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[247] not whipped until the 16th. He, the responsible leader of a desperate cause, could not yield as long as there was a ray of hope. Under any ordinary circumstances a commander even of the most moderate capacity must have admitted his campaign a failure the morning after Franklin. It would be absurd to compare the fighting of Hood's troops at Nashville, especially on the second day, with the magnificent assaults at Atlanta and Franklin. My own appreciation of the result was expressed in the following despatch:

headquarters, army of the Ohio, December 16, 1864, 7:45 P. M.
Major-General George H. Thomas, Commanding Department of the Cumberland.
General: I have the honor to report four pieces of artillery and a considerable number of prisoners captured by General Cox's division this afternoon. General Cox also reported four other pieces and caissons captured in the valley between the hill carried by General McArthur and that taken by General Cox. I learned, however, upon inquiry, that General McArthur's troops claimed, and I have no doubt justly, the honor of capturing the last four. My provost-marshal reports seventy-four prisoners captured this P. M. I have conversed with some of the officers captured, and am satisfied Hood's army is more thoroughly beaten than any troops I have ever seen.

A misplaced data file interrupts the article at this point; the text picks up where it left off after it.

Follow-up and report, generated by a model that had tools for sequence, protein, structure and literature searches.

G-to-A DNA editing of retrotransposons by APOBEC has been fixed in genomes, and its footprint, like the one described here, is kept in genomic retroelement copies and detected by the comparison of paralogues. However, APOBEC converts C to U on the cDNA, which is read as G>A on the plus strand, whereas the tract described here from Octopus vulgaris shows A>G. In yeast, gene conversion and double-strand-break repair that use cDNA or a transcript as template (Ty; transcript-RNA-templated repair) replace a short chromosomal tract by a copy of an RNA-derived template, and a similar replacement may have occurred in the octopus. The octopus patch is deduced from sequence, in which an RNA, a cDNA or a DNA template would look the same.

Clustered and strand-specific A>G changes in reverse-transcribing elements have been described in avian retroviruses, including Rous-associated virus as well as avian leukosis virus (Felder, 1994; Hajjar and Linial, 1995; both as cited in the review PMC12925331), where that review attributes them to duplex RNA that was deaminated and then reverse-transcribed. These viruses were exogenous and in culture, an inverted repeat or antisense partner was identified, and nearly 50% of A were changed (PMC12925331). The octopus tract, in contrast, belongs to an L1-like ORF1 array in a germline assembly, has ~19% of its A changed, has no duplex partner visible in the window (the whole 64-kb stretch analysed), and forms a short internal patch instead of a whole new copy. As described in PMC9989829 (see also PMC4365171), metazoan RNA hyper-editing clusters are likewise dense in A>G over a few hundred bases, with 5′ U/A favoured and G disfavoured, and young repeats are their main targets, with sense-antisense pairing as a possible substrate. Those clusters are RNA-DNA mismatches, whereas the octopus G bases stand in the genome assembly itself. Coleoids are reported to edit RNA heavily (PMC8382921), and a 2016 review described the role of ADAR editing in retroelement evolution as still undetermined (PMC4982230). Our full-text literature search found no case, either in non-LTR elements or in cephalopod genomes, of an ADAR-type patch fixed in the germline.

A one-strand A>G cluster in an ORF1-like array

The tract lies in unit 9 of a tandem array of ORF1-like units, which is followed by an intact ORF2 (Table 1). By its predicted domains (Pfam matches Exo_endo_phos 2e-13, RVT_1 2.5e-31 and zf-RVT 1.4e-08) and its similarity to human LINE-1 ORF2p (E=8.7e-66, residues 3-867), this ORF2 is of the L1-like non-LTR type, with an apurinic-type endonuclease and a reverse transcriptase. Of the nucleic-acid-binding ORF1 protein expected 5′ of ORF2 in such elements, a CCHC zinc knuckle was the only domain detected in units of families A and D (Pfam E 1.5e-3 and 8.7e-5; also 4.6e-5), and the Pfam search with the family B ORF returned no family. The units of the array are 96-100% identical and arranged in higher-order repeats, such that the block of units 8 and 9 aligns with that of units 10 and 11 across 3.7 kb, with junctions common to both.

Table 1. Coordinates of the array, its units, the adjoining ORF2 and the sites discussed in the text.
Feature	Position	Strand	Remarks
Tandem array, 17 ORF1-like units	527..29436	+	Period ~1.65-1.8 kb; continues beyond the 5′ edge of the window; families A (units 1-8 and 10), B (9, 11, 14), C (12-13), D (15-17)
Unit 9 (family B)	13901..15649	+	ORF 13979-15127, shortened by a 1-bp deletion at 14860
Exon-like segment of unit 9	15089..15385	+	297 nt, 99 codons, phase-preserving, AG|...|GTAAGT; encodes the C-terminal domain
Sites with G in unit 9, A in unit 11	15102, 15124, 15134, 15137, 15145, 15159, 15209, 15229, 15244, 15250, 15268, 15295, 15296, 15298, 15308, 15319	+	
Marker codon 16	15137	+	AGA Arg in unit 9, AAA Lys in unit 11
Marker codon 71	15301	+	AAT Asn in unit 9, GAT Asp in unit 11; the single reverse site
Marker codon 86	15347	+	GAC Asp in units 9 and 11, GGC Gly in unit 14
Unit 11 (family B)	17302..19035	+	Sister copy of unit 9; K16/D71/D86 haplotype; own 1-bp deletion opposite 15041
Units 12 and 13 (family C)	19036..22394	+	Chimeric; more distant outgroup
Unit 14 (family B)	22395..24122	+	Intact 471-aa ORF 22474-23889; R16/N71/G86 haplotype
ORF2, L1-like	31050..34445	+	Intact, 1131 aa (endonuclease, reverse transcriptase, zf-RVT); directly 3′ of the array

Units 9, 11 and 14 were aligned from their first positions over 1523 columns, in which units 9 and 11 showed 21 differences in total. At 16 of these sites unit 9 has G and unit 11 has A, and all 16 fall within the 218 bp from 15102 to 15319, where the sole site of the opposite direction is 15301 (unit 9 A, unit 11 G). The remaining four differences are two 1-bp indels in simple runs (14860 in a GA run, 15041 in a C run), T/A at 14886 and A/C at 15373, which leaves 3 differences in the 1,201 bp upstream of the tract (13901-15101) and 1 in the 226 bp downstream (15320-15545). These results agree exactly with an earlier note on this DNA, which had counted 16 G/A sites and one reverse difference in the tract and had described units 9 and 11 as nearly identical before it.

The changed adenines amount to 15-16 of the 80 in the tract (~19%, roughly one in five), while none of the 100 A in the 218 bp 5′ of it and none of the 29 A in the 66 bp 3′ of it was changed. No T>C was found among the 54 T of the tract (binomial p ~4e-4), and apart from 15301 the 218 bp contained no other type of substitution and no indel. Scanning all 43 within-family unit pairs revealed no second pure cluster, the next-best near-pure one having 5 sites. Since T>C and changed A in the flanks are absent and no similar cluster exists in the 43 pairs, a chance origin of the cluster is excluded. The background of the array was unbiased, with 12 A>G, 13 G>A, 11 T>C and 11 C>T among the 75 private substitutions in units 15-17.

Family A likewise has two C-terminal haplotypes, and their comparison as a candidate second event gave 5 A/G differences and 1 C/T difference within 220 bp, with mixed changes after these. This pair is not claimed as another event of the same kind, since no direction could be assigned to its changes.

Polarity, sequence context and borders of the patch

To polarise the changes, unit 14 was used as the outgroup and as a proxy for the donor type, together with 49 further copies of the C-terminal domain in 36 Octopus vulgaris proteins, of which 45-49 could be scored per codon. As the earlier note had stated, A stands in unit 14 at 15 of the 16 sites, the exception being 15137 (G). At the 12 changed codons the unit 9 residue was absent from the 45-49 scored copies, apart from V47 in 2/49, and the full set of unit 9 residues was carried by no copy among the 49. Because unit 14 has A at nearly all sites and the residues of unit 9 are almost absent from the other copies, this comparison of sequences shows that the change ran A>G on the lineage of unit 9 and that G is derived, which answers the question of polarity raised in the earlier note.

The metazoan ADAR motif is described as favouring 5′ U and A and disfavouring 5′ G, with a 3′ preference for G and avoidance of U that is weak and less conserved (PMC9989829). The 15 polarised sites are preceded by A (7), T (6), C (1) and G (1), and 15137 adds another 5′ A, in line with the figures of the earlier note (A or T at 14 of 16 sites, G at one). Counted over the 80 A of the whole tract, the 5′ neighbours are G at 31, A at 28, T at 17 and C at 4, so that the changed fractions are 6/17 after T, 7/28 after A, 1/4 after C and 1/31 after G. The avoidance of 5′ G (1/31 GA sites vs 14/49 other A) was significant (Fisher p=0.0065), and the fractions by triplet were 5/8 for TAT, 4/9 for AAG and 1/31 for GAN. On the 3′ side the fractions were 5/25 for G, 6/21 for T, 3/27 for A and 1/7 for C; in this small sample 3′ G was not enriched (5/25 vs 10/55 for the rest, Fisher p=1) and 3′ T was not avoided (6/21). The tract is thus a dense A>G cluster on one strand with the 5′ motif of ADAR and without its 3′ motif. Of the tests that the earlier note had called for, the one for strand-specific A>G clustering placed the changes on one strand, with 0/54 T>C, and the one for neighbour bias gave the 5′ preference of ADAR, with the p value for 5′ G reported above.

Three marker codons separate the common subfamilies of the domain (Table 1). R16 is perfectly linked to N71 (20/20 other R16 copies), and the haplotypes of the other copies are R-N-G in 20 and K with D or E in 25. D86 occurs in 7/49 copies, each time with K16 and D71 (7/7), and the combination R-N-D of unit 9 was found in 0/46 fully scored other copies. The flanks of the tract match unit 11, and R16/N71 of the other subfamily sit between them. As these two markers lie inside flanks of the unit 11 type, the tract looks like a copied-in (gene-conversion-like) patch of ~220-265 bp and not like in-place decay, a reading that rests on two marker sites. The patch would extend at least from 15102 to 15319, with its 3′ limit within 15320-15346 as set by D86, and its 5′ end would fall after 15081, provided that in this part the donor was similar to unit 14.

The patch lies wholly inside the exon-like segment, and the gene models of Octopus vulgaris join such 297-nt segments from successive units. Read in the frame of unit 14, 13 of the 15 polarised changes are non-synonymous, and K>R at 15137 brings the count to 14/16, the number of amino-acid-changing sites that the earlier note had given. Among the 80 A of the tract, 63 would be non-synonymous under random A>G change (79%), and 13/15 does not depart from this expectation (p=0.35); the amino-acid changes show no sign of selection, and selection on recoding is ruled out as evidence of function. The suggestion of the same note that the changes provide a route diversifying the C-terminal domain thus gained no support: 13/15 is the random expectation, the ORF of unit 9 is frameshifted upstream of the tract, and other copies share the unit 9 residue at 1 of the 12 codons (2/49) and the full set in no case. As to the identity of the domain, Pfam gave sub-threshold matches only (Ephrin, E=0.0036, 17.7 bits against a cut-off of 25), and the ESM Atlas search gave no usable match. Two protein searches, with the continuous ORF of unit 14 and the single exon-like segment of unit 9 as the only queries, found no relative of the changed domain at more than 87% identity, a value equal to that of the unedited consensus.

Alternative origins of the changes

I congratulate you most heartily upon the result of the two days operations. My messenger will wait for any orders you may have to send me.

Very respectfully, your obedient servant,

J. M. Schofield, Major-General.

It now appears to be fully established by the records that Hood's infantry force in the battle of Nashville was very far inferior to that of Thomas, and he had sent a large part of his cavalry, with some infantry, away to Murfreesboroa. This disparity must have been perfectly well known to Hood, though not to Thomas. Hence it would seem that Hood must have known that it was utterly

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